Functional ingredients brings new meaning to “brain food”

Will Kreznick

Today’s consumers expect everything to do “more” — just think of the explosion in “smart” and “value-added” products and services like phones. That also extends to food and beverages where often base nutrition isn’t enough anymore. Increasingly, people look for “functional” ingredients that offer health benefits beyond simply providing basic nutrients. According to global […]

Today’s consumers expect everything to do “more” — just think of the explosion in “smart” and “value-added” products and services like phones. That also extends to food and beverages where often base nutrition isn’t enough anymore. Increasingly, people look for “functional” ingredients that offer health benefits beyond simply providing basic nutrients.

According to global market research firm Precedence Research, the global functional food market was valued at $173.26 billion in 2019 and is expected to rise to $309 billion by 2027. Given the magnitude of the market, food and beverage brands that aren’t part of the movement are missing out on a lucrative opportunity. While foods designed to enhance physical capabilities including energy, muscle build and recovery and weight management are common, today the desire for additional wellness functionality is extending wider, including to mental well-being, with demand for foods and beverages offering improved memory, focus, mood, sleep and stress management benefits.

Why functional foods and beverages are having a moment

“Functional foods and beverages are popular because they are a quick and easy way to augment your daily routine with something healthful, especially now that we are experiencing more stress than ever before,” said Leah Johnston, a registered dietitian and nutritionist.

Consumers are recognizing that foods and beverages can play a role previously filled by supplements. “People have gotten tired of taking a handful of pills and tablets every day and are looking for different, more enjoyable and indulgent ways to reap the benefits” said Rachel Marshall, Technical Engagement Manager, Global Sports and Active Lifestyles at Fonterra, the parent company of the business-to-business dairy-ingredient brand NZMP.

According to Global data, 85% of global consumers prefer to consume health-enhancing ingredients through food and 57% through beverages, compared with only 23% who look to traditional supplement formats, such as pills and tablets. The evolution of new formats for functional foods has rapidly grown since this survey and shows great potential for the use of functional ingredients into foods and beverages to holistically address a wide range of health issues, including mind and body.

With awareness of mental wellness now at the forefront, this previously taboo topic is becoming more openly recognized and discussed, leading people to seek strategies to cope with the challenges of everyday life. This includes discovering ways to focus and perform under stress, while maintaining a positive mood.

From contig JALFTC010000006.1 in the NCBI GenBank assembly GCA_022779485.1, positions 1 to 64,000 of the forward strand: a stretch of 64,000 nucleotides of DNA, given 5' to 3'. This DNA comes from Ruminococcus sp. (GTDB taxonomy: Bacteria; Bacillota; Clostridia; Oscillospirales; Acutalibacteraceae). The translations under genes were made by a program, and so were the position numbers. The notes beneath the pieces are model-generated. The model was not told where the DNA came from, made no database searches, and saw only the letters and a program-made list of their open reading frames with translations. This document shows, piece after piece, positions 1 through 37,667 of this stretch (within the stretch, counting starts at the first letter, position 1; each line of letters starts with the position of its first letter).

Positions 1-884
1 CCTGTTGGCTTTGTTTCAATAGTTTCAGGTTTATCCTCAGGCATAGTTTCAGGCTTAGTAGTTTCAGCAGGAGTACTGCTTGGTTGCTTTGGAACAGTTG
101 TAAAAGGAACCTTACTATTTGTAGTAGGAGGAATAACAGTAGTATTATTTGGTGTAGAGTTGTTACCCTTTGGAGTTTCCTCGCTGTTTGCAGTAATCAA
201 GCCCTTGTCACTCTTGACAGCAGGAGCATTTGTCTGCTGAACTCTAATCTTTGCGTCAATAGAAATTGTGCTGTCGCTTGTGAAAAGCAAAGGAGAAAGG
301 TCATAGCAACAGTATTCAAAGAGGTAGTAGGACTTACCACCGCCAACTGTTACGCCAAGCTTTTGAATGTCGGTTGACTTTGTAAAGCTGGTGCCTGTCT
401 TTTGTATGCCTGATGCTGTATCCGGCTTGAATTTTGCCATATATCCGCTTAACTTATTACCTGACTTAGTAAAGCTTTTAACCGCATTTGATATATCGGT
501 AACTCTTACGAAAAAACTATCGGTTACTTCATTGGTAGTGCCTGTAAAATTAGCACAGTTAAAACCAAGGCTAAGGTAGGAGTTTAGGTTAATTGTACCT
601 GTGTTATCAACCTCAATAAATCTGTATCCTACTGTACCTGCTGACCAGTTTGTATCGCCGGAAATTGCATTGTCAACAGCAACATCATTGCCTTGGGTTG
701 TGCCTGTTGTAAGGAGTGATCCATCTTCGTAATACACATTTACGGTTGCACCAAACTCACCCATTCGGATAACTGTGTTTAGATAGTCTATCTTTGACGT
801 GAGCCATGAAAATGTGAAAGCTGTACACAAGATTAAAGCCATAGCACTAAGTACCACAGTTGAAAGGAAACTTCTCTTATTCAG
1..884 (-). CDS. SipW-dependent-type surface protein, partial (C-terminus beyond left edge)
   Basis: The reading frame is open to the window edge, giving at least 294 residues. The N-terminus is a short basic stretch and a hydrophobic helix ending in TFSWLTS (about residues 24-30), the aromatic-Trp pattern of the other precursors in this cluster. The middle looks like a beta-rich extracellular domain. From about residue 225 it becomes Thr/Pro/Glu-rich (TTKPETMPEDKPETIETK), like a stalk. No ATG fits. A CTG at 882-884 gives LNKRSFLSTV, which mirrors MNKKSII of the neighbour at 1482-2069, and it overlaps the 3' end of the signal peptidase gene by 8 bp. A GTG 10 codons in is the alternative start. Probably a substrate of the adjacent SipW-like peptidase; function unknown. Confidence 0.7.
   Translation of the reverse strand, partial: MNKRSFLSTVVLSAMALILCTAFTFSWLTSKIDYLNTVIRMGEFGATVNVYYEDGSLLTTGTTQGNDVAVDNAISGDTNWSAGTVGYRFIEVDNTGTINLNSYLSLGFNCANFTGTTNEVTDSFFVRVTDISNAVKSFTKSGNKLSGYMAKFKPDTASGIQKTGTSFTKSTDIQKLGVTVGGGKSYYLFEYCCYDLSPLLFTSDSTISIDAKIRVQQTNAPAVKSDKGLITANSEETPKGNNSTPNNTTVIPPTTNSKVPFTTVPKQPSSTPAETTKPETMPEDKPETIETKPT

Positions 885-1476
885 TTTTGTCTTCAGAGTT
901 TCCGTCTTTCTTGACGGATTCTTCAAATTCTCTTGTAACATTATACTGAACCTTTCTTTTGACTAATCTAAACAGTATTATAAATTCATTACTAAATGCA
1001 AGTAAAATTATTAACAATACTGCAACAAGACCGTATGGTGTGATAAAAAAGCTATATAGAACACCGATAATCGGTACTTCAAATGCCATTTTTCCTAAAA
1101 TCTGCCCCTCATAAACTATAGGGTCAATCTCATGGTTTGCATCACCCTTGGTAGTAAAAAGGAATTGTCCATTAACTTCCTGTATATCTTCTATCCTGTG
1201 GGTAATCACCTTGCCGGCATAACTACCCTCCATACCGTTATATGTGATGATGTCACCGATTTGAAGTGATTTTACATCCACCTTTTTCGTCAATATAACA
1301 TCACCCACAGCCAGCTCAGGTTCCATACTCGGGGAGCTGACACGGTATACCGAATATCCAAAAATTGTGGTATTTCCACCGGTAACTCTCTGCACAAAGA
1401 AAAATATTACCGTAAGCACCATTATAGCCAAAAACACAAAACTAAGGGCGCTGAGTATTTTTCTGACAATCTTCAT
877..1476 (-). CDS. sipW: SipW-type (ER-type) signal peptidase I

“Consumers are actively looking online for food and drink recommendations for peak mental performance and mood regulation,” Marshall said. They are searching for the best food to eat for certain physical and mental benefits. According to Google trends, ‘brain food’ searches have grown by 355% in 2020 compared with 2019, highlighting the opportunity for functional ingredients directed toward mental well-being.

An innovative option provides the cognitive benefits consumers seek

An ingredient receiving a lot of buzz recently is milk phospholipids, a naturally occurring component in milk fat that is clinically shown to help manage stress response, including helping people remain more positive and focused.

“As we look for natural solutions to mental well-being and cognitive challenges, milk phospholipids offer an appealing opportunity, especially since most are familiar with the advantages of dairy products,” Johnston said. “For example, many people already associate a glass of warm milk with a calming ritual.”

“Clinical studies show that milk phospholipids help manage the effects of stress when consumed on a regular basis; hence, they can be part of a regular supplementation regime via foods, beverages or supplement sachets to enable people to maintain a more even keel and ably handle what life throws at them,” Marshall said.

NZMP Milk Phospholipids are a versatile ingredient that can be incorporated into a range of applications such as high-protein dough bars, granola bars and ready-to-mix powders. Besides their functional benefits, they’re neutral tasting so they are easy to add to formulations without flavor challenges. Flavor is and has always been key, Marshall said, citing research that finds 54% of Americans prioritize taste over all other attributes when choosing functional foods and beverages.

That’s one reason NZMP expects widespread interest in its Milk Phospholipids, a soluble whey protein-based powder that is easy to incorporate into everyday nutritional applications. By contrast, many functional components often used to target mental well-being, such as botanicals, are most suited for capsule formats because of their challenging flavor profiles.

“Milk phospholipids are an easy way for brands to fulfill the consumer desire for stress management solutions with an ingredient that’s not only easy to deploy with appealing taste, but also effective,” Marshall said.

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